FAULTLINES An audio installation by Ezreen Delaila Taib 1051104532 MMD3033 Media Arts FYP1 http://ezreendelailafyp.blogspot.com
PROJECT PROPOSAL1. Research Topic Homeless Voices2. Background At a time when more people are connected to each other than ever before, there is a growing feeling of isolation and insecurity among many individuals. Technology provides borderless communication among the people but it becomes obsolete when it doesn’t fill the gap in human relationships. Urbanized cities sets a benchmark for higher standard of living and the competitiveness leads some to take the desperate measure – being astray/ homeless.3. Problem Identification Unsent letters and unanswered calls, most of the homeless lost contact with their families and friends. Higher standards of living in an urban city leads them to the streets, penniless. Often by themselves, they have no one to talk to.4. Aim and Objectives - To highlight the lost hopes and secrets/stories they long to share - To create more awareness on the cause and effect of the homeless5. Motivation Just like the rest of us, they need someone to listen to what they have to say as well. Communication is one of the most basic human needs as well to stay healthy emotionally.6. Ideation & Concept User enters the space which has telephones hanging from the ceiling (to resemble hanging public phones). Each phone has a different audio playback, each tells a different story from a different homeless person, while some has an ‘engage’ or ‘unable to reach’ audio playback. Users can walk through the installation and choose to pickup and listen to any of the phones, having a one way conversation with the homeless people.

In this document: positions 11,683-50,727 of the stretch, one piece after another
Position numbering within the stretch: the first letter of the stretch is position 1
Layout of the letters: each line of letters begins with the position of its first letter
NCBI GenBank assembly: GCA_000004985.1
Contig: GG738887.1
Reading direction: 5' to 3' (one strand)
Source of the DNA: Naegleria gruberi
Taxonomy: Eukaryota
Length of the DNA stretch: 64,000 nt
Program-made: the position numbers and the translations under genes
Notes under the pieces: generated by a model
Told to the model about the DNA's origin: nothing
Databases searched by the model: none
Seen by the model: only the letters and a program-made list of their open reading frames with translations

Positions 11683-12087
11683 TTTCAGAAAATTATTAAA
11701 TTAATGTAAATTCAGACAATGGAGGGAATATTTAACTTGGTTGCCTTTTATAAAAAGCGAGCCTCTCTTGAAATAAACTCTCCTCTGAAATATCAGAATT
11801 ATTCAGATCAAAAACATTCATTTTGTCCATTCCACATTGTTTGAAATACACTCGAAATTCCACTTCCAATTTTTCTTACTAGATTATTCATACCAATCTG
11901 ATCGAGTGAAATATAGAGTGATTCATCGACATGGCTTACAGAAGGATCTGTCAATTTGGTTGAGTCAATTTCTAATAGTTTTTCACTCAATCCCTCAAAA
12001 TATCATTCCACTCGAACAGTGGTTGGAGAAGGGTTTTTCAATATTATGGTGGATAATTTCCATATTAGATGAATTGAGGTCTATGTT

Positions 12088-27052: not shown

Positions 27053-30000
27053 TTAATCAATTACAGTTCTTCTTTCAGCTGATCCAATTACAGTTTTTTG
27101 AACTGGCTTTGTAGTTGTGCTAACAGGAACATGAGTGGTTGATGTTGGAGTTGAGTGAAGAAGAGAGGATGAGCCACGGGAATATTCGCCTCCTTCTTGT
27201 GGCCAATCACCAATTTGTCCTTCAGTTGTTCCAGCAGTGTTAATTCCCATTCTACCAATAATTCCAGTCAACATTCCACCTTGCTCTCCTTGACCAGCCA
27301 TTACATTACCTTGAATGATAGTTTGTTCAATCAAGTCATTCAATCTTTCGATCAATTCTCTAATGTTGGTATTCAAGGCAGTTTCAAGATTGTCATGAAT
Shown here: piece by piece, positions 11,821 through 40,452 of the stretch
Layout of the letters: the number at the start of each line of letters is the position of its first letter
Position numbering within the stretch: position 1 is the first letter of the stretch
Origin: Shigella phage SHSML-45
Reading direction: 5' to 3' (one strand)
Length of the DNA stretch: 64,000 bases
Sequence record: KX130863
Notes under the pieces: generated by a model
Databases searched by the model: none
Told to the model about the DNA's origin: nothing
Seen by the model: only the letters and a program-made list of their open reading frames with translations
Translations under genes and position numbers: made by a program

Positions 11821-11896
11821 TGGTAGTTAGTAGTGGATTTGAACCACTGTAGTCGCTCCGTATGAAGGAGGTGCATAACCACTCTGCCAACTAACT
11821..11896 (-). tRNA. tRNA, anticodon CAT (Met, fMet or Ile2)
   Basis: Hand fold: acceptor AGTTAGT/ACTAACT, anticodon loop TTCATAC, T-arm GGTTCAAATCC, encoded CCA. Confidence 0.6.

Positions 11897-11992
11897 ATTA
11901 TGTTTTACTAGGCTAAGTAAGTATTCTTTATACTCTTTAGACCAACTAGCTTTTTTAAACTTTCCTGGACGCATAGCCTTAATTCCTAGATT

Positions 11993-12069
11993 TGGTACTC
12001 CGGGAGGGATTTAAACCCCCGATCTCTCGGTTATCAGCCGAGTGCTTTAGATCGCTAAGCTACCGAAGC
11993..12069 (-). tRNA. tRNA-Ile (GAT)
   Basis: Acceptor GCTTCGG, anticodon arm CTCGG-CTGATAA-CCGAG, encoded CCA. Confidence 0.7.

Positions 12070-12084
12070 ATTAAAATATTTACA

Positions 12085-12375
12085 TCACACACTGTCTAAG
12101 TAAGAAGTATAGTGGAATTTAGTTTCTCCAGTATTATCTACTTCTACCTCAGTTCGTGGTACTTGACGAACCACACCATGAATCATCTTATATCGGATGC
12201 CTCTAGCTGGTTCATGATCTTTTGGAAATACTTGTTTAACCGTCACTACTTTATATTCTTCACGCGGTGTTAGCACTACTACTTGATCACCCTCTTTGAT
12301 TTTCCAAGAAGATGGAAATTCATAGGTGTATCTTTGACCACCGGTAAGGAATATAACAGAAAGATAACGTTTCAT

RESEARCH & ANALYSIS7. Review, Analysis and Precedence StudiesResearch on the homeless.Where are the homeless from? The vast majority of homeless people interviewed are locals. Over 70% of interview participants had lived in Metro Vancouver for more than 10 years. Less than 9% had lived in the region for less than 1 year.How did they become homeless? The top 3 reasons for ending up without housing were eviction, inadequate income to pay market rents, and the low quality of cheaper housing. Almost one third (30%) of the participants who were currently homeless said it was the result of eviction or a dispute with their landlord. Many spoke of their financial circumstances, and how the shelter component of income assistance was out of line with the rental market. For example, a 31 year old female who had been homeless for 9 months said: “finding affordable housing is an oxymoron for those on income assistance. Even with 2 people putting their rent together, you can’t afford a 1-bedroom.” Many cited the deplorable conditions in low cost market housing, such as SRO hotel rooms. Just 12% cited addiction as the reason. Other reasons included: end of relationship or loss of significant other; incarceration and release from prison; fleeing abusive relationships; illness; and being disallowed or cut-off welfare.Extremely few said they became homeless by choice. Only 3 homeless participants (less than 2%) cited personal choice as their reason for being homeless, dispelling the myth that people are homeless because they choose to be.Where did they sleep? While homeless, people stayed in shelters (over 90%), outdoors (over 84%), other people’s places (almost two thirds), and/or at other locations. Other places participants said they had slept in included cars, RVs, bathrooms, schools, tents, squats, ATM lobbies, churches, and a cement mixer.